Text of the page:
'Eat Pray Love' and the Too-Talky Romantic Comedy

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There's a scene during the "pray" portion of Eat Pray Love, the new adaptation of Elizabeth Gilbert's bestselling memoir, in which the main character, Liz (Julia Roberts), who is staying at an ashram in India, puts a pin on her shirt announcing she is "in silence." Not 10 minutes later, the pin comes off again.

While Liz does eat, pray, and love in the movie, mostly what she does is talk. She talks to her friends, she talks to her husband and boyfriend, she talks to strangers she meets in her travels, she talks to herself. When she's not talking out loud, we are hearing voice-over narration (much of it taken verbatim from the book), or the contents of the e-mails she writes, or the dialogue from a presumably autobiographical play she has written. Either director Ryan Murphy doesn't trust himself enough to dramatize Liz's emotional journey or he doesn't trust Roberts to reveal her character's feelings through gesture and expression, because he doesn't leave a single thought unspoken, a single emotion unarticulated. When Liz watches a wedding in India, we not only see a flashback to Liz's own wedding, we also hear a friend say, "Are you thinking about your own wedding? Me, too." Thanks for clearing that up.

Film is a visual medium, and the best directors exploit it to tell their stories with an economy of words. Hitchcock could compress pages of exposition into a single shot, and actresses such as Ingrid Bergman conveyed an entire character with a glance or smile. Dialogue illuminated relationships, not plots. But with several recent movies, especially romantic comedies aimed at female audiences, the art of dramatization has been jettisoned in favor of hyperverbalization. Characters go to exotic locations wearing cute outfits, and then sit around and talk, or write, or blog about the experience. We know exactly what they're feeling because they tell us—in many, many words.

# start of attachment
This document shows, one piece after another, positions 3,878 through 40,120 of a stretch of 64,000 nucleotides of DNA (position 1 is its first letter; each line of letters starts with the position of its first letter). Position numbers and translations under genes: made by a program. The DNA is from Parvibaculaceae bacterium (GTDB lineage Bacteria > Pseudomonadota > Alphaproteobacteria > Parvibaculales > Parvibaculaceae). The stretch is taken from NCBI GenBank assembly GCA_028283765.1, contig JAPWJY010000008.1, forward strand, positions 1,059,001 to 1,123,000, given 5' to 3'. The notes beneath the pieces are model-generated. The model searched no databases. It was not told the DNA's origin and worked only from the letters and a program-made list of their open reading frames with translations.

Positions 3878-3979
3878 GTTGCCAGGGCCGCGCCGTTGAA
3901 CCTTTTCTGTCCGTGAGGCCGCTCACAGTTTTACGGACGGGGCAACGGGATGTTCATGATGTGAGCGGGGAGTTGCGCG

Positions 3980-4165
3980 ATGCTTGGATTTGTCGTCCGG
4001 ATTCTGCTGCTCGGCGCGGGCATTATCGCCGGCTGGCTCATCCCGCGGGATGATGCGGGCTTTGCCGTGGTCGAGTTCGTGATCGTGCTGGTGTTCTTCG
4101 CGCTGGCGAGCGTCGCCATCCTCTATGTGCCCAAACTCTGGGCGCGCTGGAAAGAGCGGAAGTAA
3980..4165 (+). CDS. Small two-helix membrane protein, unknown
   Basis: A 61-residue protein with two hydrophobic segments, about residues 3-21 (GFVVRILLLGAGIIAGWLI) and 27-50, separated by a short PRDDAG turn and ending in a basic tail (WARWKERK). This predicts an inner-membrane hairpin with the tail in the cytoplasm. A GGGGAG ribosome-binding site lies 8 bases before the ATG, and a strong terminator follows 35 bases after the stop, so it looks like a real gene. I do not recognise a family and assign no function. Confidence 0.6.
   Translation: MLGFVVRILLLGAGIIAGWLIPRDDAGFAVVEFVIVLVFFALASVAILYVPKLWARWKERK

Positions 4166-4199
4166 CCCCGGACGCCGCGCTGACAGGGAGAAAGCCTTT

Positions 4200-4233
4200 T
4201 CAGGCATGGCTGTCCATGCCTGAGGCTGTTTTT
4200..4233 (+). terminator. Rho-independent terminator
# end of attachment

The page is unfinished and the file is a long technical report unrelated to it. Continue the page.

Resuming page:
This trend may have started with Bridget Jones's Diary, the film adaptation of which featured much of the book's wry first-person narration. But telling really replaced showing with the Sex and the City movies, based on the TV show, in which Carrie Bradshaw describes every thought and feeling that flits through her head. In Julie & Julia, we were treated to liberal excerpts from Julie Powell's blog and Julia Child's letters. It's as though the directors of these films thought that being true to the source material meant cramming in as much of the original text as possible.

As a result, these films feel less like art and more like self-help industrial films. No one says anything other than exactly what she means, and no one does anything that contradicts what she says. In Eat Pray Love perfectly nice scenes, like Liz enjoying pizza with a friend, are ruined by lectures from Liz about how important it is to enjoy your pizza. This is a movie in which characters say things like "Won't you be unnerved?" (by going to a meditation service), "I need to be unnerved," "You sound happy," "I'm an actor," and "I don't know who I am anymore." We, on the other hand, know exactly who they are, because they keep telling us over and over again. Who they aren't, unfortunately, are remotely believable characters, characters who might behave in contradictory ways, or fail to understand their every motivation, or simply shut up once in a while.